Pop culture obsessives writing for the pop culture obsessed.
Pop culture obsessives writing for the pop culture obsessed.

PBS at TCA: Desperately hoping its audience doesn’t discover torrents since 2009

Illustration for article titled PBS at TCA: Desperately hoping its audience doesn’t discover torrents since 2009

Another Television Critics Association press tour, another PBS executive session with Paula Kerger, another session dominated by questions of why the network doesn’t air Downton Abbey and Sherlock closer to the programs’ debut in the United Kingdom. At this point, Kerger should almost just schedule a separate session every press tour to discuss these issues in particular, that there might be time to discuss some of the channel’s other programming in her actual executive sessions. And PBS’ delays of broadcast extend beyond just their two biggest hits. The same questions affect some of their more modest performers, like The Bletchley Circle and Call The Midwife (both of which will return in the spring). But both Downton and Sherlock are so widely seen—and so many reporters have comments sections full of viewers who’ve seen both series in their entirety already—that the question comes up again and again and again.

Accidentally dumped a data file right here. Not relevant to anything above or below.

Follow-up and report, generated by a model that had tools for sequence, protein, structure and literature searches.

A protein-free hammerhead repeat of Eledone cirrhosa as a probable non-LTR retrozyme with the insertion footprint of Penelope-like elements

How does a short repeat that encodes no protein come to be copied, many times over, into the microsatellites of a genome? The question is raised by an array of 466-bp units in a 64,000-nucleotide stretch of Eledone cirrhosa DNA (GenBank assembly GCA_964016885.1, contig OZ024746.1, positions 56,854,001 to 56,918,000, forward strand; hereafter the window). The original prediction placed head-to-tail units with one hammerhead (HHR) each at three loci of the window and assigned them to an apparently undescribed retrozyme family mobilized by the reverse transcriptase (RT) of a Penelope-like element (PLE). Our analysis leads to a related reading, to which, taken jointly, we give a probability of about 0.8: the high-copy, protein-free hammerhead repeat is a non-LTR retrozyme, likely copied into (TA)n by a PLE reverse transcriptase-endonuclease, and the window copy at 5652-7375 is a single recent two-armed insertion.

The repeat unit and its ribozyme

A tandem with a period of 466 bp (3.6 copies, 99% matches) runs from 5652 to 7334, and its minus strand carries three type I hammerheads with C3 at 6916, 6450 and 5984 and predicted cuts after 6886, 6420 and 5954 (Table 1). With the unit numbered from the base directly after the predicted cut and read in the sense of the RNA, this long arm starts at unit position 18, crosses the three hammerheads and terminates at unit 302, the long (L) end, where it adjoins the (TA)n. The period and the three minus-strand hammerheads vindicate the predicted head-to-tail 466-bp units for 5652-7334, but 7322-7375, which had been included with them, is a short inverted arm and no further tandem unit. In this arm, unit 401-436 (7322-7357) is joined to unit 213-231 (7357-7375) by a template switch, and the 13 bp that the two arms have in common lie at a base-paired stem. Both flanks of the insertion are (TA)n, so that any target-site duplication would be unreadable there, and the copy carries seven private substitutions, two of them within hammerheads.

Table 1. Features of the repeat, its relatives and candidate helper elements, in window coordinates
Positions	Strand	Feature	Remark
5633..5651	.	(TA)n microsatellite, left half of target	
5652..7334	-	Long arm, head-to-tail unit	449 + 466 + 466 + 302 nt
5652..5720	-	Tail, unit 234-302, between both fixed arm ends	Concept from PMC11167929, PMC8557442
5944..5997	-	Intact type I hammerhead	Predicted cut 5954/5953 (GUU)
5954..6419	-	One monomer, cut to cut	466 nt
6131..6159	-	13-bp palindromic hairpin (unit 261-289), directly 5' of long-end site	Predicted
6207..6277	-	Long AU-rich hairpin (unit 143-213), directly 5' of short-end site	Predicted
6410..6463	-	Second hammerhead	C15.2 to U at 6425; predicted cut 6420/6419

To be fair to PBS, it did move Sherlock up to a point where it was debuting two-and-a-half weeks after the United Kingdom debut. (Season two debuted months after the British airing.) But it’s not as if 18 days is any different from five months in the eyes of ravenous Sherlock fans, who merrily went ahead and grabbed the show off torrents, streams, and other online options. Like HBO, PBS is betting on just enough people being lazy enough to wait for something to air on regular television to keep its ratings floating along. Unlike HBO, PBS has to deal with the fact that the programs it airs actually debut in another country before they debut here. To we modern creatures of the Internet, this seems like a particularly self-defeating business decision. But is it?